We were looking at the new £5 note that has been recently issued for last week's Finance Fridays. This week it's still about the money in your pocket in the form of coins. The hobby of collecting coins or numismatology as it is officially termed has become popular for both the amateur and professional collector. Whilst the change you have in your purse, under the sofa or in a money box may not be worth a fortune it could certainly be worth more than its face value. Let's have a look at some of the coins to keep an eye out for.
Decimalisation came into use in the UK in 1971 and with it a whole new set of coins. Only two of those coins remain in circulation today with their original size – the 1p and 2p. Since it has been 45 years since the original coins were introduced the ones issued in the 1970s are now becoming rarer as damaged coins are removed from circulation and others are simply lost. In the pile of the coins above the earliest 1p in the batch was from 1990. This week on eBay I have seen a 1971 1p coin selling for £100.
Some coins are collectible because the Royal Mint deliberately issued them as limited edition designs whilst others are design or minting faults that have slipped through. One of those is a batch of silver 1p coins. Due to their size they could easily be mistaken for 5p coins.
From 1971 to 1981 on 1p and 2p coins the words 'New Pence' was on the back on them. From 1982 on the 2p coin 'New Pence' was changed to 'Two Pence' however in 1983 a batch was minted with the old 'New Pence' inscription on. Most were put in collectors' packs but some made it into general circulation.
Another design mistake was made in 2008. The 20p coin had a slight redesign with the Royal Mint shifting the date from the back of the coin to the front. In all of this moving about a number of coins ended up with no date stamp on at all. Have a look here at how to identify one and remember the only rare coins are the 20 pences without any date on at all.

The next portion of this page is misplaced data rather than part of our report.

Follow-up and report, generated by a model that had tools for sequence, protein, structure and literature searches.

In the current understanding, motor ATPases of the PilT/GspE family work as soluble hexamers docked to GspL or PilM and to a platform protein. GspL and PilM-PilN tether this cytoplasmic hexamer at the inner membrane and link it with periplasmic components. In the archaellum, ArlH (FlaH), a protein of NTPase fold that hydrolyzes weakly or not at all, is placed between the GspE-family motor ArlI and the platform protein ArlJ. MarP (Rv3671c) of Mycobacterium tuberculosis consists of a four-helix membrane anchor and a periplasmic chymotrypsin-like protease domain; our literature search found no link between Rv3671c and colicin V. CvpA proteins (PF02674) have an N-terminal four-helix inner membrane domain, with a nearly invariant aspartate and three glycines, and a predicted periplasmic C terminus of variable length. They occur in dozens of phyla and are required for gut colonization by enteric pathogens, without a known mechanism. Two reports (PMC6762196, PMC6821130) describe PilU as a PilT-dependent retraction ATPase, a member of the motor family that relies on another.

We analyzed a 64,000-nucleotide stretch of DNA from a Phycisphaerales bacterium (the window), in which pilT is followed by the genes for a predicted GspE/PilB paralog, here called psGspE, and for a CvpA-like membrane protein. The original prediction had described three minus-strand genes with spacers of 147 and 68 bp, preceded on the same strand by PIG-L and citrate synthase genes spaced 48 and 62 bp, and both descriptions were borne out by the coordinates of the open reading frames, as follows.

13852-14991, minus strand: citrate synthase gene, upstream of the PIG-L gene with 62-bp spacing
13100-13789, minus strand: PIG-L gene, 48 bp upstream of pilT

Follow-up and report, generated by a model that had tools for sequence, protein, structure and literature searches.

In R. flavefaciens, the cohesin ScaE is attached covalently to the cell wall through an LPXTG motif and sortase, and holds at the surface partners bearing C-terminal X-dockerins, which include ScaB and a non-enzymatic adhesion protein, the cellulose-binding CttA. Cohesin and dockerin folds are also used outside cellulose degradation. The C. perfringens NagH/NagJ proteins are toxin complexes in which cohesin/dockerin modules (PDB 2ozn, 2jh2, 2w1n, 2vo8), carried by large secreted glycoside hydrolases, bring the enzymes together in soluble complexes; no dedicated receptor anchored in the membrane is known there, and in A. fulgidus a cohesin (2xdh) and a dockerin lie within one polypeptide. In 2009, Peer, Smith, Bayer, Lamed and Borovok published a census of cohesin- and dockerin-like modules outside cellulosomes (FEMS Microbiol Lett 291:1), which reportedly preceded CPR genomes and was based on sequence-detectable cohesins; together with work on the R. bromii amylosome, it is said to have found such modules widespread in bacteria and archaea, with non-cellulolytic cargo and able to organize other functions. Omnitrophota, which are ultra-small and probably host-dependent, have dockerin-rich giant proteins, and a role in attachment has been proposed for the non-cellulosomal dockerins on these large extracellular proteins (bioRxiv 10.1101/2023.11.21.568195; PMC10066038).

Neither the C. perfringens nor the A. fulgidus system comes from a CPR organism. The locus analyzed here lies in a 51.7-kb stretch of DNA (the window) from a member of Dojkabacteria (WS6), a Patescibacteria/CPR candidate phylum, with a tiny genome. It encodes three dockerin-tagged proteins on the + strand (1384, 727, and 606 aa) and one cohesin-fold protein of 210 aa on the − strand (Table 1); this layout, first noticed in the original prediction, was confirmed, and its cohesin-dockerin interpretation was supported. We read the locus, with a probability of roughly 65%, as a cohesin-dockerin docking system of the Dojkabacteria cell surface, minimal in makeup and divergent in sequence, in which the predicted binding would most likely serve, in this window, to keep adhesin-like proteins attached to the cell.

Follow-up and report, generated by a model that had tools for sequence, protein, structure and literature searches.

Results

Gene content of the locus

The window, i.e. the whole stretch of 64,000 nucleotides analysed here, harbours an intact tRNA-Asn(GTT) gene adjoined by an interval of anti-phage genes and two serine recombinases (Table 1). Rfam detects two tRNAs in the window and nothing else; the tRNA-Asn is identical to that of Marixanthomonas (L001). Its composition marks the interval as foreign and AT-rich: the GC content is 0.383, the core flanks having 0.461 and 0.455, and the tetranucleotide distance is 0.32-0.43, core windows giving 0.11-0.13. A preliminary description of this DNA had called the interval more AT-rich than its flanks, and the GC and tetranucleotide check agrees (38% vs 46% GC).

Over the years the Royal Mint has released a number of limited edition coins. Some of these are snapped up by collectors but others are released into general circulation. Due to their limited nature they now have a collector's value. Some are only worth a couple of pound but they could be worth looking out for:
- 50p from 2009 minted to commemorate the 250th anniversary of Kew Botanical Gardens. The Royal Mint describe it as 'the rarest coin design in current circulation'.
- £2 coin from 2012 commemorating the 200th anniversary of Charles Dickens' birth. Only 20,000 were minted.
- 50p EC Commemorative coin 1992-1993. There were 109,000 issued but it is no longer in circulation as the 50p coin was reduced in size in 1997.
- £2 Mary Rose, 500th anniversary and £2 King James Bible 400th anniversary coins from 2011. Both were limited edition coins released in small numbers.
- For London 2012 Olympics 29 different designs of 50p were issued. A full set can sell for around £35. Some of the more popular designs such as the football coin with the offside explanation on and the wheelchair rugby are selling for £3-4 each. The rarest coin in this set is the original aquatic 50p with the water going over the swimmer's face. Just 600 of these was released before it was altered to show a clearly visible face.
Have you got any rare or collectible coins? Do you check your change for any unusual coins?
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